Much of the discussion since the publication of the Sapir report has focused on features of the more successful economies - namely the Nordic ones - which could be applied to those lagging behind. In particular, the systems of Germany and France, which used to be the motors of the EU economy, have found themselves under scrutiny.

In Sapir's presentation, France and Germany are in the 'continental' sector. Both countries' social systems are characterised by a relatively high degree of employment protection: businesses argue this makes it tough for them to hire people, as they would then have difficulties firing them again.

Average tenure in years with the same employer

Denmark Germany France













Source: http://www.socsci.auc.dk/carma/carma-1.pdf 

Original flexicurity concepts in the Nordic countries arose from work relations and the acceptance of taxation and trade unions, issues which date back to the early years of the 20th century. It has thus been argued that they cannot simply be transplanted into other countries.

When the Commission drafted its Communication 'Towards Common Principles of Flexicurity: More and better jobs through flexibility and security' (published on 27 June 2007), it was aware of this dilemma. It limited itself, therefore, to defining some components of successful flexicurity policies, which can be incorporated into any country's labour-market policies without altering the concept's underlying principles, namely:

  • Flexible and reliable contractual agreements;
  • comprehensive lifelong learning;
  • effective active labour market policies, and;
  • modern social-security systems.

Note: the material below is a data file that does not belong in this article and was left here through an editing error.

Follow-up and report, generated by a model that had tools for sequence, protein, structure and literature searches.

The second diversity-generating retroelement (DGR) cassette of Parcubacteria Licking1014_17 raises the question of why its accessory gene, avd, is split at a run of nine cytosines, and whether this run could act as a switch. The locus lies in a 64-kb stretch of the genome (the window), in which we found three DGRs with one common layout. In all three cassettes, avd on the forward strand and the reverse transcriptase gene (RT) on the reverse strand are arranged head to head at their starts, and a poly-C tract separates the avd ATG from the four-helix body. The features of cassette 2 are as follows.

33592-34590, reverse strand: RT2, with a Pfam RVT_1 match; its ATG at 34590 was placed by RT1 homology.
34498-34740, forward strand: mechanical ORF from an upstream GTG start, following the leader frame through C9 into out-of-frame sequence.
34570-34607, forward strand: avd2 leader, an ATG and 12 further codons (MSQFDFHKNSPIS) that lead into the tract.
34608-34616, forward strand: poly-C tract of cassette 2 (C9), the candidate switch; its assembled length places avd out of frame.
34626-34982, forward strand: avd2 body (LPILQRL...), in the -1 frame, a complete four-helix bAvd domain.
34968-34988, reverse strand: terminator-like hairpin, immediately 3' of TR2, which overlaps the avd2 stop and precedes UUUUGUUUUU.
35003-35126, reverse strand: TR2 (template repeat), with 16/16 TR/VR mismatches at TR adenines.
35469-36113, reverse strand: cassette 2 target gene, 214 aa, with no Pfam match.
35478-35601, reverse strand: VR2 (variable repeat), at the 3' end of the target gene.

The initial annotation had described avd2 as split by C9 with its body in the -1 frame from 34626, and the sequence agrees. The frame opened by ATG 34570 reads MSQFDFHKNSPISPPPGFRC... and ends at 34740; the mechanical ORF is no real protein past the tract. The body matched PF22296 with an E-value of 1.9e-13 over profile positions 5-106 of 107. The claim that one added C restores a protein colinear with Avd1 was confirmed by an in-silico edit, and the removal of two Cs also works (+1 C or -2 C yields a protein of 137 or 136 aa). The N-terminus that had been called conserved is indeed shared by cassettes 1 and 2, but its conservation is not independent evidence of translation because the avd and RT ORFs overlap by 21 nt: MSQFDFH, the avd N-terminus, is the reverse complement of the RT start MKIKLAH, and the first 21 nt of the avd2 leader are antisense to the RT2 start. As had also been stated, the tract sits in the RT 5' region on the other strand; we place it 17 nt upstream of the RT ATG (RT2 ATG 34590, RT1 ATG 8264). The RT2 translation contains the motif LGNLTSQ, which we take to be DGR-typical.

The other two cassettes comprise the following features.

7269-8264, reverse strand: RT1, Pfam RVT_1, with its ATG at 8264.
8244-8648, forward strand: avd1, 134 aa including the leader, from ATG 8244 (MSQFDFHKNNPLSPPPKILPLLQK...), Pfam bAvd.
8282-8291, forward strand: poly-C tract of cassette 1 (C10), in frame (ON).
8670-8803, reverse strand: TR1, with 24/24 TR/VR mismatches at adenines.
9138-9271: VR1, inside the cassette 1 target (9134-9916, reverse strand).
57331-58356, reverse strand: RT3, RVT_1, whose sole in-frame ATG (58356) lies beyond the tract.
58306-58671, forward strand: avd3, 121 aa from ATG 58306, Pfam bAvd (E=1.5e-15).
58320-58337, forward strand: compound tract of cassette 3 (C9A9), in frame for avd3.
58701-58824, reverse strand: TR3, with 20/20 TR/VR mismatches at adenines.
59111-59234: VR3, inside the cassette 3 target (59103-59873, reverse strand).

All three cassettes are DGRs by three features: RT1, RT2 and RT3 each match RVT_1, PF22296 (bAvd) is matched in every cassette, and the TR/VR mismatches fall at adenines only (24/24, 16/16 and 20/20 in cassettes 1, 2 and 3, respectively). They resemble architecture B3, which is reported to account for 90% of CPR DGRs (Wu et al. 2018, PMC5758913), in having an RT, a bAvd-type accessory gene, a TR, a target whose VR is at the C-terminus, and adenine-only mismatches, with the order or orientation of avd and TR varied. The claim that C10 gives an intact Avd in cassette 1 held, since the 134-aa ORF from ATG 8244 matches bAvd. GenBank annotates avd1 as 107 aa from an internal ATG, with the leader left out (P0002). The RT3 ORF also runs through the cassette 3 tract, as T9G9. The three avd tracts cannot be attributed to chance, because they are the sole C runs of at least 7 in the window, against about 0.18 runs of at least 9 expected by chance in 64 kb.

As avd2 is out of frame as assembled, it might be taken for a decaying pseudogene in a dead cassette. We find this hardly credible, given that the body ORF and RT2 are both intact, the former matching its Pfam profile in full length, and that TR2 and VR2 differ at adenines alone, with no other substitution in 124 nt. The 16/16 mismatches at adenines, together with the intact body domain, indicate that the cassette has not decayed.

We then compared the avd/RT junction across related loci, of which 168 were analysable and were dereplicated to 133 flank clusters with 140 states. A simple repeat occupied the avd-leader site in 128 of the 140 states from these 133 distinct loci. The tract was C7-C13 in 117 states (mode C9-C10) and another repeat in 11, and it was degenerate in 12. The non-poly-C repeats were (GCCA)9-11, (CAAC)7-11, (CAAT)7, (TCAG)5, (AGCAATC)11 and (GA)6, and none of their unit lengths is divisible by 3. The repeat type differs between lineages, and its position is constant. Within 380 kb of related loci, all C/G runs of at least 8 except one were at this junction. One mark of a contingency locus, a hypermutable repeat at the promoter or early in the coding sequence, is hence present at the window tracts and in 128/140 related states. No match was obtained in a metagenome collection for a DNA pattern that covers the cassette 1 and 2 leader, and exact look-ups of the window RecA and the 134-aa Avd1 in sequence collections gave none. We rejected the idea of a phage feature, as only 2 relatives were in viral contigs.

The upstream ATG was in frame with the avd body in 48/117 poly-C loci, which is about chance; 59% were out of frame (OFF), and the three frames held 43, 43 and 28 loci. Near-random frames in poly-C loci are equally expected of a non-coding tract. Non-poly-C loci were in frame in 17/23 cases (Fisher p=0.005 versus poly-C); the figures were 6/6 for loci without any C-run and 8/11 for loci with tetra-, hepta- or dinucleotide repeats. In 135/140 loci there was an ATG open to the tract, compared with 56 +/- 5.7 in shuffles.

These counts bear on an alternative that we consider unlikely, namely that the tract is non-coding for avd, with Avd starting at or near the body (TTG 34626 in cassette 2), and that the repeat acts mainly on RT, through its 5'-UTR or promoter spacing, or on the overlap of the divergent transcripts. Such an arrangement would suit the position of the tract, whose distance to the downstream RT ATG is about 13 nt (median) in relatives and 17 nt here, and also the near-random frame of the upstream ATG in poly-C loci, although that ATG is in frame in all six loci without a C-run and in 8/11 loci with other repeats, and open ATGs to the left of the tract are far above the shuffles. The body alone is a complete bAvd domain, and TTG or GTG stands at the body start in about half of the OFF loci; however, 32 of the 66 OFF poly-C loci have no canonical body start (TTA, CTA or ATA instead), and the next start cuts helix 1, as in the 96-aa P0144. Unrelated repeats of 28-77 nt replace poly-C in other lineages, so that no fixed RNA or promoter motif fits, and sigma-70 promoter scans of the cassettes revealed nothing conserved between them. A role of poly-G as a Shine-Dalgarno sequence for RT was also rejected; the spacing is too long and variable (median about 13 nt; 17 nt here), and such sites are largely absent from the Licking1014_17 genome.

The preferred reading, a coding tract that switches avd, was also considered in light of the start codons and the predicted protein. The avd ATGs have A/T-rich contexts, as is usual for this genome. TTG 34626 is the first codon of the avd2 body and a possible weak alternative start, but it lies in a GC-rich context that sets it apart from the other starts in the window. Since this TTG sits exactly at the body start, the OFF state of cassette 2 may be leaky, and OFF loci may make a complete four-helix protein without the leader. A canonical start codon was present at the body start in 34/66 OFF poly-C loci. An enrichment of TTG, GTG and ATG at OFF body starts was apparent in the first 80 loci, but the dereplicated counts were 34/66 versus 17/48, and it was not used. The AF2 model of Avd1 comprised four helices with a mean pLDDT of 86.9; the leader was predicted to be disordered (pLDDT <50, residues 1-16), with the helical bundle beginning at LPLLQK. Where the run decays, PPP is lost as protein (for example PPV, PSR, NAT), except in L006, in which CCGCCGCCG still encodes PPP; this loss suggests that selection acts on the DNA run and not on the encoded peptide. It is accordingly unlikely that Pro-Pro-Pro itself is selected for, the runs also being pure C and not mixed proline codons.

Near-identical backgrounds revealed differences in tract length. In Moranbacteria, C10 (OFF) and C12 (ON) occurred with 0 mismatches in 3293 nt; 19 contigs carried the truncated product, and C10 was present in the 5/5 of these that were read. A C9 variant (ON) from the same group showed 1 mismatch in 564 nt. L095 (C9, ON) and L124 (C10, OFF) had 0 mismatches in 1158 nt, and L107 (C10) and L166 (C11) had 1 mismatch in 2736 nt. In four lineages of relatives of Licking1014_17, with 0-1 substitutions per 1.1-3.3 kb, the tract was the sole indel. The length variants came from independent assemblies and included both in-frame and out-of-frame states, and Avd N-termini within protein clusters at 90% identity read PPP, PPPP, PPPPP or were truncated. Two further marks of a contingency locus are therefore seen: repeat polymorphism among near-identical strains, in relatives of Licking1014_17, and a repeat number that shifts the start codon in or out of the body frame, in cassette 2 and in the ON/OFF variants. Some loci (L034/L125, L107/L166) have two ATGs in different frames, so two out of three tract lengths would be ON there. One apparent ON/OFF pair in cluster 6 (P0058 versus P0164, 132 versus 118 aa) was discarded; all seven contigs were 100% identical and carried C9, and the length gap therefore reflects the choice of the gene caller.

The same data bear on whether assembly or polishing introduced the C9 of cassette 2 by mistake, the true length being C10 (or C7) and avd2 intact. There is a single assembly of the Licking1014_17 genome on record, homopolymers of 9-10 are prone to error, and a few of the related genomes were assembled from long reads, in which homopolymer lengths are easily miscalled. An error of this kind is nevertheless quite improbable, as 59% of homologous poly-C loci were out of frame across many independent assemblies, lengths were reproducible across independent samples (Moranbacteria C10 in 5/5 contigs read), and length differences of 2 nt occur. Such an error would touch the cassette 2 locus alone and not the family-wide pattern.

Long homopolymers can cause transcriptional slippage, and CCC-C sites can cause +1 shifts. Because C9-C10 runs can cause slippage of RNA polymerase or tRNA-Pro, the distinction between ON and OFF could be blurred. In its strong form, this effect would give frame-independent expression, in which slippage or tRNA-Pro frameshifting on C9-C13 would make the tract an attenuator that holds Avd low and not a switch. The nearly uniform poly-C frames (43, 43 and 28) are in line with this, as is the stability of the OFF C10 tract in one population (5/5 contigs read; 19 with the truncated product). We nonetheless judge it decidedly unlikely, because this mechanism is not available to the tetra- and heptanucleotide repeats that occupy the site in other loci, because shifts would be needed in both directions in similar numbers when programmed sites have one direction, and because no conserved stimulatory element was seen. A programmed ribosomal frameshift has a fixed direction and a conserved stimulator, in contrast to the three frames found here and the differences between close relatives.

The Commisison paper then tackled the difficult task of making suggestions on how to proceed  with labour-market reforms. In order to avoid giving specific advice to member states, it defined a typology of four different challenges that labour markets in different countries may be facing, leaving governments to assess which of the recommendations apply to them.

For each of the situations, the authors suggested a 'pathway' out of the respective labour-policy impasses, touching on each of the four elements of flexicurity. The typology comprised the following situations:

  • Key challenge: Contractual segmentation. The labour market is divided between 'insiders' and 'outsiders', or workers holding permanent contracts and those on short-term contracts with low levels of social protection. Typically, these countries are marked by a high rate of early retirement. Examples include Spain, Italy, France and Portugal.
    Suggestion: Aim towards a more even distribution of flexicurity and security to create 'entry points into employment' for newcomers and promote their progress into better contractual agreements.
  • Key challenge: Developing flexicurity within the enterprise and offering transition security. A high percentage of large enterprises leads to low job mobility within the workforce. This is the case in Germany, Belgium, Luxembourg and France.
    Suggestion: Invest in employability and life-long learning to increase workers' adaptability to technological change; provide for better and safer transitions from one company to another.
  • Key challenge: Skills and opportunity gaps among the working population.  In countries with high employment rates, such as the UK, the Netherlands and even Denmark, the cradle of flexicurity, low-skilled groups have little chance of finding a better job than the one that they currently hold.
    Suggestion: Promote opportunities and develop the skills of low-skilled workers in order to enable upward social mobility.
  • Key challenge: Improve opportunities for benefit recipients and informally employed workers. This situation is typically encountered in countries that have joined the EU since 2003 and have undergone intensive restructuring, resulting in a high percentage of the potential workforce being dependent on long-term benefits.
    Suggestion: Introduce or reinforce active labour-market policies and life-long learning to improve opportunities for benefit recipients to move from informal to formal employment.

The European Council in December 2007 adopted an agreement on 'Common Principles of Flexicurity,' and throughout 2008, the 'Mission for Flexicurity' saw the European Commission examine how the common principles could be merged into national processes across the EU.